What Are Dentures
Dentures are removable and custom made appliances used to replace an individual’s missing teeth. Dentures can be made of acrylic (plastic), or metal. Dentures are designed to fit snugly over the teeth and gums.
Dentures are used to replace missing teeth and eradicate likely problems caused by gaps. Gaps can cause speech and eating problems.
If you have lost some (or all) of your natural teeth
What Are the Different Types of Dentures?
Complete dentures have a coloured plastic base that replicates gum tissue. It supports a full set of plastic teeth. Dentures are held in place by either attaching them to dental implants, holding on to adjacent teeth or through forming a seal with the gums.
Partial dentures can be made of metal framework or plastic base that supports the number of teeth that needs replacement. It is held in the mouth through rests and clasps that are adapted around your natural teeth.
The metal framework is often the preferred option because of the metal’s strength and rigidity. Plastic dentures are typically used as temporary or emergency replacements until the bone and gums heal and a definitive restorative alternative is obtained.
How Are Dentures Created?
The process of denture creation begins with your dentist taking a mold or impression of the oral tissues that will be supporting the denture. When designing the dentures, the following key considerations are taken into account: Proper fit and bite, and the shape, size and colour of the acrylic teeth.
1728 Dental Practice is able to deliver a fully functional partial denture in 3 days or a complete denture in 8 days.
During the first month after getting your denture, you might have to visit your dentist for some minor adjustments if the denture is uncomfortable.
Are There Alternatives to Dentures?
There are two other options available to replace missing teeth—implants and bridges.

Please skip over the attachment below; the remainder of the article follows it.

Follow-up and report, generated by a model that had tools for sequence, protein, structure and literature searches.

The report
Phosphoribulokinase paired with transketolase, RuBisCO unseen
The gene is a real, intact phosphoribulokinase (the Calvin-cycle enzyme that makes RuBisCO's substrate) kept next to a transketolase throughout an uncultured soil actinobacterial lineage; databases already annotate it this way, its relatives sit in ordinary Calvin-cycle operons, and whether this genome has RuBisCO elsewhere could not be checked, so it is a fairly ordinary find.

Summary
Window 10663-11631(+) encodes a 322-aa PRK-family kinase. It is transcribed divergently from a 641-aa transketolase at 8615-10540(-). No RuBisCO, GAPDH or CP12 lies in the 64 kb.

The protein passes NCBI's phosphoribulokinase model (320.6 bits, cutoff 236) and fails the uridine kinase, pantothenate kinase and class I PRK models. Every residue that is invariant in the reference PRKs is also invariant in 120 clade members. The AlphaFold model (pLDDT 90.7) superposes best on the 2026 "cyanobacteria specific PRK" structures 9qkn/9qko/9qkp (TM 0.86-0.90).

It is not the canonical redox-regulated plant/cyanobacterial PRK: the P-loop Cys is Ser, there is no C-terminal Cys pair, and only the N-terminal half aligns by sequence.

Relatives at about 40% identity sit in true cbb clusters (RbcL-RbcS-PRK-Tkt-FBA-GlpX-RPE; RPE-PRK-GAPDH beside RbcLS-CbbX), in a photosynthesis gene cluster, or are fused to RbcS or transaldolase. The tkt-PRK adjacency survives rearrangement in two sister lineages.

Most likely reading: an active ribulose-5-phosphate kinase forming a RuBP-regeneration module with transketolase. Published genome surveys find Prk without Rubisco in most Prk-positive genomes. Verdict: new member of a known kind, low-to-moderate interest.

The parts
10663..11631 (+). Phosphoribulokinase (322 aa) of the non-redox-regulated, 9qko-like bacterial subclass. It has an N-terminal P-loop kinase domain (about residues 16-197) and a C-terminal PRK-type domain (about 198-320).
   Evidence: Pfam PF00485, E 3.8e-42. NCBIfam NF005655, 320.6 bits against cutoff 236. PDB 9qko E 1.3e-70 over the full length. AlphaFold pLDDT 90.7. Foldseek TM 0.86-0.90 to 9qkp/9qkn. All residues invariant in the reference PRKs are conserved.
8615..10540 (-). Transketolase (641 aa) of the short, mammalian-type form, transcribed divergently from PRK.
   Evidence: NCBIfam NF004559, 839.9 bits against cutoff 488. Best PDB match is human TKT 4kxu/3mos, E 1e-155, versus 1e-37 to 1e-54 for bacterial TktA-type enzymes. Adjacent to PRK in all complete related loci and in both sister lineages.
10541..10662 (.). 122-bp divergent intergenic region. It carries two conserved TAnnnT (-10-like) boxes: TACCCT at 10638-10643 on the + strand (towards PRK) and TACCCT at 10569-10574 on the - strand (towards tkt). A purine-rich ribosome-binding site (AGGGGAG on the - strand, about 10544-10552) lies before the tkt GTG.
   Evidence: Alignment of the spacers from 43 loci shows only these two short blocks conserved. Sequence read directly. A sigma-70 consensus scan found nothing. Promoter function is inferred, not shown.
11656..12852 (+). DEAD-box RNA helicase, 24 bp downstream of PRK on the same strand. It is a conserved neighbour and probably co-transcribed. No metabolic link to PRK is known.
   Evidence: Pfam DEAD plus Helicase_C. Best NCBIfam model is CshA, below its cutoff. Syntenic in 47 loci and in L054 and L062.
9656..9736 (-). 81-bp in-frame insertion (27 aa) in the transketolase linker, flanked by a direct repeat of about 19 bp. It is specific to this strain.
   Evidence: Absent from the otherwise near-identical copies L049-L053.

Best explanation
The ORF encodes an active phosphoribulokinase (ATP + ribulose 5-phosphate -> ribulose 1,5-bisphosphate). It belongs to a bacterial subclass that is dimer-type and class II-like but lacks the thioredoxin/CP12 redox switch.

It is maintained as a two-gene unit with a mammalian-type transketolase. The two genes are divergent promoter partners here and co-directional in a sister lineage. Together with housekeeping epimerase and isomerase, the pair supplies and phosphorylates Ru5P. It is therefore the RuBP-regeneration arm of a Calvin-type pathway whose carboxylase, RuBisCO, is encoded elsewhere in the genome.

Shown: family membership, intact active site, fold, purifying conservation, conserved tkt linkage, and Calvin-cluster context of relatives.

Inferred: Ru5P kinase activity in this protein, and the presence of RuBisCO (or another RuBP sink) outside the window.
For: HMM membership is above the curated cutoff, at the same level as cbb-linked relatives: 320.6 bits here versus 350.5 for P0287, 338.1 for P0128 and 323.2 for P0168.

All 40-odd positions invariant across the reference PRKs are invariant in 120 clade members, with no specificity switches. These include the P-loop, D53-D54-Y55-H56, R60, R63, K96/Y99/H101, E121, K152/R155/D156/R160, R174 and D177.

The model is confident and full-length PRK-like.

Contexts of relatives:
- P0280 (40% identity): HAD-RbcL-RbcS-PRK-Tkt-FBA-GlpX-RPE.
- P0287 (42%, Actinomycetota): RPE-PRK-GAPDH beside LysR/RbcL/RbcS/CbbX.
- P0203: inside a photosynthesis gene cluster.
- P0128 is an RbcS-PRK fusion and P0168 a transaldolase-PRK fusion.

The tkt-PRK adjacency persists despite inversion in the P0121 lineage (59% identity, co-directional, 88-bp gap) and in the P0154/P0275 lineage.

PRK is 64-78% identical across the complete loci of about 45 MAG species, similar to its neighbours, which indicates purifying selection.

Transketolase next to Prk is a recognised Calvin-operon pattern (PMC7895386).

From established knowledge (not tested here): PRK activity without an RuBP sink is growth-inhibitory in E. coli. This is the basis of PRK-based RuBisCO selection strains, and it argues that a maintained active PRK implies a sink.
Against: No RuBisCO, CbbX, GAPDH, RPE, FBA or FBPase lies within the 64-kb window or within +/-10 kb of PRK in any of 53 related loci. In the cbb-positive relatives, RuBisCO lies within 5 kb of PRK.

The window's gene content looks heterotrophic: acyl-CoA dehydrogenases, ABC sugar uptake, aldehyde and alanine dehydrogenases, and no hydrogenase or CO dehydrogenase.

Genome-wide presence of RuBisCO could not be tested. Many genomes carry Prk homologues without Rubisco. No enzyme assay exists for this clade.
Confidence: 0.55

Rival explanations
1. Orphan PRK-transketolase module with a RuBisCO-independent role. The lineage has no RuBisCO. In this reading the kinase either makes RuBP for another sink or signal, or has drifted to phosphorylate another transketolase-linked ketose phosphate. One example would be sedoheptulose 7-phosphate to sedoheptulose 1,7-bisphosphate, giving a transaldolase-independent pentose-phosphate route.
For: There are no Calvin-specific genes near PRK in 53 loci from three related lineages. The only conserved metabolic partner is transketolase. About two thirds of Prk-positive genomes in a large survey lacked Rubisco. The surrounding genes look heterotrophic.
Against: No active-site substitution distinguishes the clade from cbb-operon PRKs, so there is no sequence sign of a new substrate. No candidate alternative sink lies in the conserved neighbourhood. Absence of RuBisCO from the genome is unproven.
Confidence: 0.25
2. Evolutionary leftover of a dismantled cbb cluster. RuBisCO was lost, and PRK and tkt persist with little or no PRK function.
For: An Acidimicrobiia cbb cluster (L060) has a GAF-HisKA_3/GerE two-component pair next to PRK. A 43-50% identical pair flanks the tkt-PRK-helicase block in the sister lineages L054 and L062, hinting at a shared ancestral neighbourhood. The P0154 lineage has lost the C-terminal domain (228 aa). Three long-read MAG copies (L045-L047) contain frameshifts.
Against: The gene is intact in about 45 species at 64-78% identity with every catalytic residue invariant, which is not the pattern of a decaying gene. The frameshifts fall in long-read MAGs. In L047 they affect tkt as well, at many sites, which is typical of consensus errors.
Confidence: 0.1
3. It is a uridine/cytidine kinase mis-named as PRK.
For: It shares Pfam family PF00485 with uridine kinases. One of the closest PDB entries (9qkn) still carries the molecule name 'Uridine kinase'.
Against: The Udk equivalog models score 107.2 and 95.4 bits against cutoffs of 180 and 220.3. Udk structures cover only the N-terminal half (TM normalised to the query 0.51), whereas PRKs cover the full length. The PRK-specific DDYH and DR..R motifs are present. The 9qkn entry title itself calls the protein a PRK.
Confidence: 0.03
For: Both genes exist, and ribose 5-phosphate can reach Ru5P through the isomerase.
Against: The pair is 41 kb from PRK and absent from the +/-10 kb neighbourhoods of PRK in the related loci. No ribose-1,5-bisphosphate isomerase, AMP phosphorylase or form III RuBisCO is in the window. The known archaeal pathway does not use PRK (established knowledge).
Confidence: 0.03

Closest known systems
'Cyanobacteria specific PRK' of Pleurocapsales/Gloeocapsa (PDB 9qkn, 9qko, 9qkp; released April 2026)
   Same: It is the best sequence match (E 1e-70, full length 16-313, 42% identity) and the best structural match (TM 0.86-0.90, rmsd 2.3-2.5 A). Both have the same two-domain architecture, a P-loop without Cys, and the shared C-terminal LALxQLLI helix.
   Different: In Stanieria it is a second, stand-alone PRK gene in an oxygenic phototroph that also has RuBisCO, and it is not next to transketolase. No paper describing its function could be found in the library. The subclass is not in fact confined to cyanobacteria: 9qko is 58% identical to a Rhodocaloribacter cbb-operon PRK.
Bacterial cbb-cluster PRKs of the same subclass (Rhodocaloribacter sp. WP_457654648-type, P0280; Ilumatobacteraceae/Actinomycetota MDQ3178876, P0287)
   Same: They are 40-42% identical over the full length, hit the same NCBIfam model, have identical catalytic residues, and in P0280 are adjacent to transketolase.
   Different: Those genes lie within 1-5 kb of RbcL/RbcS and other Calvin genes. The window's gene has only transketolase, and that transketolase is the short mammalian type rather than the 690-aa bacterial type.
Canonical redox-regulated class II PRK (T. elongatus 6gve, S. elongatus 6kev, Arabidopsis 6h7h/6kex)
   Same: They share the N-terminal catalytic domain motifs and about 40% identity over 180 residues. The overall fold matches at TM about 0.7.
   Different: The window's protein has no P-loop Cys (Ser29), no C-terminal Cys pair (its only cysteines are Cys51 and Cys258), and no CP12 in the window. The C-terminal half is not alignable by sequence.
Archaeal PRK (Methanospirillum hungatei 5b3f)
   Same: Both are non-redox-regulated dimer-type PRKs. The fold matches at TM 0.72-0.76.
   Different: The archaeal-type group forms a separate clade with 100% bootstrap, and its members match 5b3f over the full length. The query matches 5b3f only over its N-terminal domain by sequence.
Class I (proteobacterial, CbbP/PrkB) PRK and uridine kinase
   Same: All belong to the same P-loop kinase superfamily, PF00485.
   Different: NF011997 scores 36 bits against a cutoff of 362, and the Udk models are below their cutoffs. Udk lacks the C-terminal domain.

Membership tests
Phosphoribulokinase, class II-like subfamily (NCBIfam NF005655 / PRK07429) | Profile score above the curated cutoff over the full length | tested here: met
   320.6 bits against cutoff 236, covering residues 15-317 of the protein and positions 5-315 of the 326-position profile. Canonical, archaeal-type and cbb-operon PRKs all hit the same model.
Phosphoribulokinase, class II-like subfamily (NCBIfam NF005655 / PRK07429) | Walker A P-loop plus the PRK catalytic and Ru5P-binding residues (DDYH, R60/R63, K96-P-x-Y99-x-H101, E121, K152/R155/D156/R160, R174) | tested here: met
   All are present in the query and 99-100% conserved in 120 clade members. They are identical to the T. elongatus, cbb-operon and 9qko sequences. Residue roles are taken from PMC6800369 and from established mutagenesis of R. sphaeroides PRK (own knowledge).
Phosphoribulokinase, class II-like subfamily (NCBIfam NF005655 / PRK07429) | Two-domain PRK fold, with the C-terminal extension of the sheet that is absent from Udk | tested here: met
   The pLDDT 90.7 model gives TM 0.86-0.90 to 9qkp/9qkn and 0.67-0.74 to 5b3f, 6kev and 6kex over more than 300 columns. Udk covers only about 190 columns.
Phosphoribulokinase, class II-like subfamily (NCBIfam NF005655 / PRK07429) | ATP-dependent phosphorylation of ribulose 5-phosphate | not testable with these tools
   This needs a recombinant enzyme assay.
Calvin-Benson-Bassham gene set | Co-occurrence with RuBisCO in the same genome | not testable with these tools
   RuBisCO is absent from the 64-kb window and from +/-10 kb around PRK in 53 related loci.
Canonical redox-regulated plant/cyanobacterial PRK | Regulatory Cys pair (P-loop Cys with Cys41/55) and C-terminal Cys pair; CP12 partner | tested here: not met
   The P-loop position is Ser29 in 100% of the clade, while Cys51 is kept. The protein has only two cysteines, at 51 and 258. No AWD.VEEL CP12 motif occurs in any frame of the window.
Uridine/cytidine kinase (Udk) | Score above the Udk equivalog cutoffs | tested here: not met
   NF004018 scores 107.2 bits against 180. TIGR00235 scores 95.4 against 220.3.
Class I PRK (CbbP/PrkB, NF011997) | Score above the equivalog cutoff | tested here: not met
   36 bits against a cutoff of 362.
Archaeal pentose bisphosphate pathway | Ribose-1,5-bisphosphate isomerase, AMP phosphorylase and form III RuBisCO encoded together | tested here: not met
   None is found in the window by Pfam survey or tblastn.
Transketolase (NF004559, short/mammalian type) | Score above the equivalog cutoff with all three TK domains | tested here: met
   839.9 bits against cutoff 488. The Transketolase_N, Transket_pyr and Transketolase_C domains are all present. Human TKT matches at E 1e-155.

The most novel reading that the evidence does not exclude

A bridge is a tooth replacement option in which teeth adjacent to an empty space are trimmed down in preparation for a crown. A replacement tooth is placed in the middle of the crowns to “bridge” over the space – hence the name. Bridges can be made of zirconium, gold, or porcelain. Depending on the location, bridges can replace two or three missing teeth in a row. Since they are cemented in place, bridges are considered a “permanent or fixed denture.”
A metal titanium screw that is inserted into the bone of either the lower or upper jaw is called an implant. A component, called and abutment, is then screwed onto the implant and a crown is then attached to it. When multiple teeth need to be replaced, a bridge is used attached the multiple implants to form a long span biting surface.
Frequently Asked Questions about Dentures
Will my dentures affect the way I look, feel, eat, and speak?
Dentures can enhance (or restore) your appearance. It is also virtually undetectable. It will however, like any prosthetic appliance, take a little time to get used to. You can also expect a little gum soreness at first. Thus, for your comfort, you might need to return to the dentist a few times so adjustments can be made.
Eating with your dentures will entail some practice. It is best to begin eating soft foods first, making sure you can chew food equally on both sides of your mouth. You can slowly introduce more solid foods after. As soon as the tongue and cheeks get used to the denture, they will automatically help ensure the denture is kept in place.
Speaking while wearing your dentures will also require some practice in the beginning. Fortunately, it will get easy as you go along. Yawning, laughing, and other exaggerated movements may dislodge the denture at first. If so, you will need to visit your dentist for an adjustment.1
Do I need to wear my dentures throughout the day?
Generally, you can wear your dentures during the day and remove them at night to give your oral tissues some time to relax. However, during the first few days, it is advisable to not remove your dentures even during sleep so it’s easier to identify the areas where adjustment is needed.
How often should I see my dentist?
If you have a full denture, your dentist will give you specific advice when it comes to the number of times you should visit. Rest assured that with persistence, positive attitude, and of course regular professional care, you can become one of the many proud and satisfied denture users.
Do I need to use denture adhesive?
Denture adhesive is a glue or paste designed to help your denture adhere to the supporting tissues as opposed to merely relying on clasps.
To improve retention and stability, a small amount of denture cream may be applied to the denture. However, denture adhesives should not be used to compensate for poor-fitting dentures. In such situations, a visit to your dentist for advise is recommended.
How long do dentures last?